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    AD{MM51256} 2 December 4, 2013 www.whatsupmuskoka.com Pregnant teens find support Dottie Barber and Jennifer Adair of Christine’s Place have helped many teenage moms and their families, like Sasha Stickland, Christopher Ashdown and their son Karson. They offer everything from pregnancy testing to confidential conversations. By Chris Occhiuzzi Being pregnant or facing life as a new mom can be scary and even confusing. The new responsibilities of a child are added to everyday life pressures such as employment, managing finances and often education. It can be quite daunting for even the most well-rounded and confident individuals. Imagine being a teenager who is still finding their place in the world – now having to face a whole new reality. While their peers are busy thinking about the latest technology, studying for exams and what to wear to a dance, teen moms find themselves growing up fast. They tackle decisions about how to feed and clothe their young ones while taking on the responsibility of emotionally supporting their children as well. When these teens are alone, without support of others, these new pressures and dilemmas can lead to at risk behaviours. The results can a negative impact on their home life and their children. But, due to the efforts of many organizations and caring individuals, there are places in Muskoka for these young parents to go. There they find people to talk to for education, support and more. Huntsville’s Christine’s Place is a pregnancy support centre offering a wide array of services to expectant and even new moms. Founder Jennifer Adair says Christine’s Place is named after her biological mother, who was a teen mom and put Adair up for adoption. Adair decided to make a difference in other young mother’s lives. Having seen her client list grow tremendously since they started, there were 64 at the end of November, Adair is amazed at how important Christine’s Place has become to many in the community. “We thought maybe we would get one or two trickling through the door every month Photograph: Chris Occhiuzzi and at first it was sort of like that,” she says. “Now, you’ll be here on a Friday and the waiting room is full of clients coming back for an appointment and new clients coming in the door.” With two full-time staff, plus a bevy of volunteers, Christine’s Place offers both young moms and older new moms the chance to review their options without fear of judgement. They are a privately funded registered charity and due to the generosity of individuals, businesses and churches, they are able to offer counselling and support services. When someone learns they’re pregnant, especially teenage moms, Christine’s Place will go through their options which include parenthood, adoption or abortion. Everything is done with complete confidentiality. “We’re here to be kind of a second family,” says Adair. “We go through their options. Just walking them through their choices and what the consequences of their choices could be.” If someone needs to take a pregnancy test, Christine’s Place will give them a test, a place to do it and an experienced person to speak with after. Adair says it’s an opportunity to talk to the person. “Whether it’s negative or positive, we always sit down and have a conversation because either way there’s always a reason they’re in that position,” she says. “If they’re really young and the test in negative, we can use that opportunity to talk to them about why they’re making choices if they’re not prepared for the consequences and hopefully help them to make better choices. We use any opportunity to speak to young people about the consequences of their choices.” Get yer Burns on early this year 5th annual Robbie Burns Weekend at JW Marriott The Rosseau Muskoka January 10-12, 2014 The bard’s birthday is January 25, but Robbie Burns celebrations are so much fun that we are starting early. Join in, for the evening or for the whole weekend. Friday: Scotch-nosing 9pm Saturday: Vegetarian haggis cooking demo Annual snowshoe kilt race Burns Supper and Dance to Bob MacLean and “Fingal’s Return” Celtic Trio, Highland step dancers Dinner / show only: $70 per person plus tax (includes service charge) Weekend package for two: Including two nights accommodation in a luxurious Studio, breakfast daily, Burns Supper, scotch nosing, culinary demonstration and $40 resort credit per stay: $480 plus $29 resort fee (plux tax) Call 705-765-1900 to buy dinner / tickets now (makes a great Christmas gift) or go to www.jwrosseau.com to reserve your Robbie Burns Weekend getaway 1050 Paignton House Rd., Minett, ON P0B 1G0 1-705-765-1900 l Printed December 2013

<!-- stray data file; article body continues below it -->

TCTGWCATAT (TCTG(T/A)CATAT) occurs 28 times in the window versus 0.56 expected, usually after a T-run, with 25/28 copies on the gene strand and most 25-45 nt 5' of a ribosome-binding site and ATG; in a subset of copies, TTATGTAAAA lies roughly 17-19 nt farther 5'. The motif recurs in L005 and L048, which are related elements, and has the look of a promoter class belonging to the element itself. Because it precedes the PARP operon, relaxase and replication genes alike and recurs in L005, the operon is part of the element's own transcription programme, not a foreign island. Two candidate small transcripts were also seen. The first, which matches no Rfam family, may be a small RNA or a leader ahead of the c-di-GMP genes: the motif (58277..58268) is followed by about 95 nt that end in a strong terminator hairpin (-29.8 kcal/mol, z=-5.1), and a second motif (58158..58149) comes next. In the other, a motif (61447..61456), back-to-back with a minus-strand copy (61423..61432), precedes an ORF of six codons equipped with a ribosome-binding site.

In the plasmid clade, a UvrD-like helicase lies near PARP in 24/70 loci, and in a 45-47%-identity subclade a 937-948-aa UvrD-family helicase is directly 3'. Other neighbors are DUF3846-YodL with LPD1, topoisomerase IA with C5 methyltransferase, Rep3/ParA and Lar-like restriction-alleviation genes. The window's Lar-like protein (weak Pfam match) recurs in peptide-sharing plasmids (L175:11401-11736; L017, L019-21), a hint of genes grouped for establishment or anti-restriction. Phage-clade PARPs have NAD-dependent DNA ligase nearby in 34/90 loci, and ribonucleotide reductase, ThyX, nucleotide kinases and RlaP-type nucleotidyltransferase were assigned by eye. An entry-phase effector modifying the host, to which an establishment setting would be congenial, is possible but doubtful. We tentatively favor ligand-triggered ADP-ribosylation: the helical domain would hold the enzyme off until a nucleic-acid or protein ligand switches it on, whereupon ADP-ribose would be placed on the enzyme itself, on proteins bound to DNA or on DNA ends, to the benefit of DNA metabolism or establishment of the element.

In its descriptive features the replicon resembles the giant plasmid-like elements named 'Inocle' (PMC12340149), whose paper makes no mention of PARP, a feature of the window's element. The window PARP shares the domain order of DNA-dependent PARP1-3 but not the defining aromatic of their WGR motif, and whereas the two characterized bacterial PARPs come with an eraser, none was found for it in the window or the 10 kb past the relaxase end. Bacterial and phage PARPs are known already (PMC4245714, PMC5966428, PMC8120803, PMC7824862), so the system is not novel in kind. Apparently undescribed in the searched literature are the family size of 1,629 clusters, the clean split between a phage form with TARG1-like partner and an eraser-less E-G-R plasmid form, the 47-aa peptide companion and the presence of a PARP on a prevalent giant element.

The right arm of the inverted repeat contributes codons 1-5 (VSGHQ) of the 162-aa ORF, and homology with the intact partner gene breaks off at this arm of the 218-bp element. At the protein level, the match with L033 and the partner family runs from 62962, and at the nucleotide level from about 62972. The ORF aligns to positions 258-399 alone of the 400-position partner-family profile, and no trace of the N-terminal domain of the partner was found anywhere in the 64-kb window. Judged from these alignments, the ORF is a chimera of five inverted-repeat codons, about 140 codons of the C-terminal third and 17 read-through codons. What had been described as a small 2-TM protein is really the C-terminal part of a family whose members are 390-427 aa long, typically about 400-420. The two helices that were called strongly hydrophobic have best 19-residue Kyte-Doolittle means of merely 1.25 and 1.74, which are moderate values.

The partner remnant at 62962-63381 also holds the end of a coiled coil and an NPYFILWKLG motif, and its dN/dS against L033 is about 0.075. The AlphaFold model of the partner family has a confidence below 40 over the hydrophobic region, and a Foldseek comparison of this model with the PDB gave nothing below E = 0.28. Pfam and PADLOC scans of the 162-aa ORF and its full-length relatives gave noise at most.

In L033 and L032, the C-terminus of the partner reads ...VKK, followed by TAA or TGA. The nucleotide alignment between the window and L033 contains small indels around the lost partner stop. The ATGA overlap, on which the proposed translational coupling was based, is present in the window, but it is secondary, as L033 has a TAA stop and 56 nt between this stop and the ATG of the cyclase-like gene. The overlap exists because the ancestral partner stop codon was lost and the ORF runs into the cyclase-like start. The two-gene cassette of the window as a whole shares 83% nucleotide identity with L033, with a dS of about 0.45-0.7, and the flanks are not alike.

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    AD{MM51198} 3 Aleasha Johnson has learned some cooking tips in the Great Beginnings program. One of the many mom’s Christine’s Place has helped is 18-year-old Sasha Stickland. Pregnant at 17 and going through some tough times, Stickland was wondering where to turn for help. A cousin told her about Christine’s Place and she booked an appointment. She’s happy she did. Stickland has been working to give a great life to 16-month-old Karson Ashdown. The baby’s father Christopher Ashdown is also on board and they are building a strong family unit together with the help of Christine’s Place. “We’ve sat down with (centre director) Dottie quite a few times and had good half hour to 45 minute chats, on parenting, on different things we’ve asked,” says Ashdown. “To have the emotional support and someone to talk to when you’re going through tough times is great. It’s phenomenal they’re here to help when many others would just turn their backs because they’re too busy in their own lives to help people.” Stickland appreciates the emotional support she received from Christine’s Place.. Christine’s Closet, where mom’s can have donated items such as clothes, toys and other this was also helpful. To find out more about Christine’s Place visit: www.christinesplace.org. “These guys are such a nice success story and it shows what support can do,” says Adair. Stickland and Ashdown also participate in the Great Beginnings program. There are two components to the Great Beginnings program, operated by handsthefamilyhelpnetwork.ca The Prenatal Nutrition Program is for participants who are pregnant or who have an infant less than six months of age. The Growing Up Program caters to participants with children from six months up to six years of age. Both programs run with a weekly, two-hour session in various location across Muskoka. Muskoka’s Prenatal Nutrition Programs are offered in Gravenhurst, Huntsville and Bracebridge. Growing Up Programs are offered in Gravenhurst and Huntsville. Free transportation is available to anyone wishing to participate. Most participants are under the age of 25, with 95 per cent on a fixed income and living on a restrictive budget. In Muskoka- Parry Sound, there are 18 teen moms (up to age 19) attending the programs this year. Teryn Booth, manager of Great Beginnings, says they have a funded budget to help 10 participants at a time but there could be up to 18 moms registered in each program. “We definitely see a lot of teen pregnancies and teen moms using the program,” says Booth. “The programs offer a variety of support for pregnant or new moms. They have access to a public health nurse while they’re in the program. There are weekly workshops on a variety of topics. In the prenatal program they get nutritious groceries to take home to support the nutrition needs of them as a pregnant, nursing or new mom. Also, they get nutritious snacks while they’re there attending the program.” The program aims to improve maternal and infant health, reduce the incident of unhealthy birth weights, promote and support breastfeeding, build partnerships and strengthen community supports for pregnant women. Prenatal Nutrition Growing Up participants are offered opportunities for play and parent/child interaction as well as a one hour educational workshop. A food voucher is distributed and free childcare is provided for the children while parents are in the educational workshop. “Often, especially in the case of teen moms, they could benefit from other programs in the community as well,” says Booth explaining they support them as they transition into other prevention programs.” Early Years is one of the prevention programs Booth says they really encourages moms to transition to from the Great Beginnings program. She says they want their participants to attend Early Years programs while in Great Beginnings. Aleasha Johnson is registered in the Growing Up program. The 19-year-old mother of 11-month-old Mia has been participating since shortly after her daughter was born. Johnson says all the information provided has been helpful. From nutritional guidance to good parenting practices, Johnson says she would recommend Great Beginnings to young moms needing a little extra help. To learn about Great Beginnings programs, check out: www.handsthefamilyhelpnetwork.ca. “Every week they bring us into the kitchen, tell us what they’re making and we help out,” she says. “They give us the nutritional value of everything. That was really helpful, I’ve gotten a lot of really good recipes from them.” Although being a teenage mom can be difficult and stressful, there are places to go and people to help with navigating the journey. Photograph: Chris Occhiuzzi SANDER MOTOR SALES LTD. $10,495 $18,495 $15,495 $15,495 $12,995 Stock #7B215499 2007 Dodge Grand Caravan 46,828 kms. Stock #9H527745 2009 Chrysler 300 300C 59,671 kms. Stock #013-90 2013 Dodge Avenger 38,287 kms Stock #AT243094 2010 Dodge Journey SXT 51,140 kms Stock #AN153680 2010 Dodge Avenger SE 11,737 kms Stock #DU078064 2013 Hyundai Elantra GL 23,713 kms Stock #AW140903 2010 Dodge Nitro SXT 4WD 39,030 kms Stock #013-91 2013 Chrysler 200 Limited 25,765 kms. Stock #013-70 2010 Dodge Journey SXT 53,222 kms Stock #013-61 2010 Dodge Journey R/T AWD 28,780 kms 412 BETHUNE DR. N., GRAVENHURST 705-687-6636 • 1-877-868-7565 www.sanderchrysler.com Taxes and licensing extra. See Sander Motors for details. $18,995 $19,995 $20,995 $15,495 $20,995 December 4, 2013 www.whatsupmuskoka.com